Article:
Posted: 02/09/2012

 

The Pack

(2010)

by Calhoun Kersten




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One of the many things for which we must thank the ever-expanding DVD market is the influx of films that may not have made it to the local megaplex. Unfortunately, DVD is a double-edged sword. It also provides us with godless swill like the recent French import The Pack.

The Pack follows a young woman named Charlotte (Émilie Dequenne), who is on the road for no apparent reason. When she happens upon a wayward hitchhiker, in an uncharacteristic act of kindness and stupidity, she decides to give him a ride. Think you know where this movie is going? Would you have guessed flesh-eating zombie/mole people? Truth be told, I wouldn’t have either. I say “zombie/mole people” because, even after having watched the film, I’m not entirely sure what they were. Of course, even noting this implies that I care to know. I spent a solid 84 minutes with The Pack and I can tell you that it was more than enough for me.

That’s the main problem with a movie like The Pack: It spends too long asking probing questions and not providing enough character development or blood splatter to make its audience care for a concrete resolution. Plenty of movies have this problem, but to find it in a movie as short as The Pack is a sure sign that the movie is riddled with problems, the least of which is a satisfying ending. Even now, the only reason I find myself so fixated on the ending (besides the deeply troubling image of a woman in at least her third trimester smoking a cigarette) is that it was the last thing that I saw.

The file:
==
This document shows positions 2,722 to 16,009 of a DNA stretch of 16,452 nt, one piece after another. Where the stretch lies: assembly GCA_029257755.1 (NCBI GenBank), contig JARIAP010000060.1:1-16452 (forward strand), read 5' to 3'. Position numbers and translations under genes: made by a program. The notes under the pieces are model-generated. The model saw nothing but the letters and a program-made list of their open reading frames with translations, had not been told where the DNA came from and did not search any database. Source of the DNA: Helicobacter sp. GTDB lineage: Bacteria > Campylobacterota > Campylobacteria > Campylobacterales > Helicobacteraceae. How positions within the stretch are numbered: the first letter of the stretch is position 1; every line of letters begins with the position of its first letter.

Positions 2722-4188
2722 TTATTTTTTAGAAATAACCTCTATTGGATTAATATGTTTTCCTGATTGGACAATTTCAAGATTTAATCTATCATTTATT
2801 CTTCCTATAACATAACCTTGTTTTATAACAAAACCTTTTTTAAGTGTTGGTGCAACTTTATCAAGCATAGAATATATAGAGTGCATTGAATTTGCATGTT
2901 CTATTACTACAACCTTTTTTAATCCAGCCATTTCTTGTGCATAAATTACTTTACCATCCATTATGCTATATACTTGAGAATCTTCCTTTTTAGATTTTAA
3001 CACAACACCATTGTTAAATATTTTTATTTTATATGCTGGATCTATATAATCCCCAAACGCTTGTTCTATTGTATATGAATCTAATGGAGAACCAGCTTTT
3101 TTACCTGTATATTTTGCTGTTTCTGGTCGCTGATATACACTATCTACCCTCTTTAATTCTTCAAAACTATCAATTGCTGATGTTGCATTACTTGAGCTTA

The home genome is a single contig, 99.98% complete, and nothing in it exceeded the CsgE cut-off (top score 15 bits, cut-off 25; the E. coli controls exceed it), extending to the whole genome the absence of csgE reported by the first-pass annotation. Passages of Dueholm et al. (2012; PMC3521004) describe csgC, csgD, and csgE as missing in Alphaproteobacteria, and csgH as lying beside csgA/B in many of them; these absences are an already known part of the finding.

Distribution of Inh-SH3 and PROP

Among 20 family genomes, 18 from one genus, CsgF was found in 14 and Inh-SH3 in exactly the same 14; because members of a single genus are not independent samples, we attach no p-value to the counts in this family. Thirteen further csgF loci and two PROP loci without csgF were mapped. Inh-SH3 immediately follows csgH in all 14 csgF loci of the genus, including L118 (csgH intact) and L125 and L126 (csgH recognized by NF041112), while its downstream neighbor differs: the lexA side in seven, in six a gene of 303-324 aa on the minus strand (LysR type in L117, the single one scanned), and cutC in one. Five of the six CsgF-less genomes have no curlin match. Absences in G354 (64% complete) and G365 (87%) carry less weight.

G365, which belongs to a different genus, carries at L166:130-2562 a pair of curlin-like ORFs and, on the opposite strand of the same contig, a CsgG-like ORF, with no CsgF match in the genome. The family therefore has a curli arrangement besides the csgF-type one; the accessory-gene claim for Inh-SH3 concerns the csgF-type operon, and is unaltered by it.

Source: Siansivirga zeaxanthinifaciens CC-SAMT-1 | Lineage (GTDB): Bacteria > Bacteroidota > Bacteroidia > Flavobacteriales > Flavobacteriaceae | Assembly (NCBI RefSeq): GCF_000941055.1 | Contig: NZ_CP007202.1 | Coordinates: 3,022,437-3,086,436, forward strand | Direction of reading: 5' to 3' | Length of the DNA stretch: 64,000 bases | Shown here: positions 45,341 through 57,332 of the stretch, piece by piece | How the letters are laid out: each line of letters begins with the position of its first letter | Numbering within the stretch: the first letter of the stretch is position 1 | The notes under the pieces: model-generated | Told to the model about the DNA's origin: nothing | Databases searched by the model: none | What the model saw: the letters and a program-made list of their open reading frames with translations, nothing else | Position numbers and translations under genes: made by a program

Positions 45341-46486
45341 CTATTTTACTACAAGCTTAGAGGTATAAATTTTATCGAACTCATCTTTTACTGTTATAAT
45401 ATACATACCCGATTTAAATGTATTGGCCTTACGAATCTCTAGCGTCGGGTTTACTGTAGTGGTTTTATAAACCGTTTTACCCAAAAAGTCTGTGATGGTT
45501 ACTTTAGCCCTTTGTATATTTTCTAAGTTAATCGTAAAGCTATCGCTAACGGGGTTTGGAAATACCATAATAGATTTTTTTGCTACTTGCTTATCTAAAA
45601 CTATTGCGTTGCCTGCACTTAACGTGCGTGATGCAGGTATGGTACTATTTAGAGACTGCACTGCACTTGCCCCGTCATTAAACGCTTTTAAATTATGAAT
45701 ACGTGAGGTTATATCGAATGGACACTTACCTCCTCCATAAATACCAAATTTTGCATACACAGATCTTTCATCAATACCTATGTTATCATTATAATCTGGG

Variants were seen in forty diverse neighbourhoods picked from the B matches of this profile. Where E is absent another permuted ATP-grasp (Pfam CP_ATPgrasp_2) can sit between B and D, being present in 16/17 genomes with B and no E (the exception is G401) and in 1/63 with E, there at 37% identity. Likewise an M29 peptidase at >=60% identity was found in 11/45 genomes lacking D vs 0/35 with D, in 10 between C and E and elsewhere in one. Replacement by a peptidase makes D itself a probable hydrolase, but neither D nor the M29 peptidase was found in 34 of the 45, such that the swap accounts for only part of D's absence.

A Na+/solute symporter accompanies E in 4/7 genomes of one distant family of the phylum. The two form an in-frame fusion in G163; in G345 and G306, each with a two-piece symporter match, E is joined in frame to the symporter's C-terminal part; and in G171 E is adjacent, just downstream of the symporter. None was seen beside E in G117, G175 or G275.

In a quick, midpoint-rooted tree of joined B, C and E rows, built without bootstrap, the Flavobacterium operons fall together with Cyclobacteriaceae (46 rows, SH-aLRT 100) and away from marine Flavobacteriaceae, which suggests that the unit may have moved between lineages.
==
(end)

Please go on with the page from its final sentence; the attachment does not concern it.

Truthfully, the trouble starts well before the movie ends. In fact, if I had to pinpoint a moment where I knew the movie was going downhill, I’d point to mere seconds after the opening credits. When Charlotte is introduced to us, we’re first shown her “hardcore” “HATE” tattoo across her knuckles as she takes a drag from her cigarette. She’s your cookie-cutter tough girl with a devil-may-care attitude. That’s her immediate characterization, and she isn’t given much more depth as the film drags on. With such minimal development, it’s hard to figure out what to make of the character. One moment, she’s figuring her way out of a locked cage; then, in the next, she’s making the same mistakes that got a man killed just moments before.

Still, it’s hard to problematize a film like The Pack because that implies I cared about the movie. I certainly didn’t love it, but it seems unfair to say that I hated it. I “nothing-ed” it. It happened and now I’ll never get those 84 minutes back. All I can do is warn people of this wildly-inconsistent and none-too-interesting thriller of a horror movie. If you’re looking for a perfectly bland time, check it out, but if you’re looking for an engaging horror movie, I’d look elsewhere.

Calhoun Kersten was born and raised in Cincinnati. He has lived in Chicago for most of his adult life where he continues to be over-educated and unemployable. He is finishing his masters at DePaul in media and cinema studies with a thesis on the narrative elements of horror franchises.



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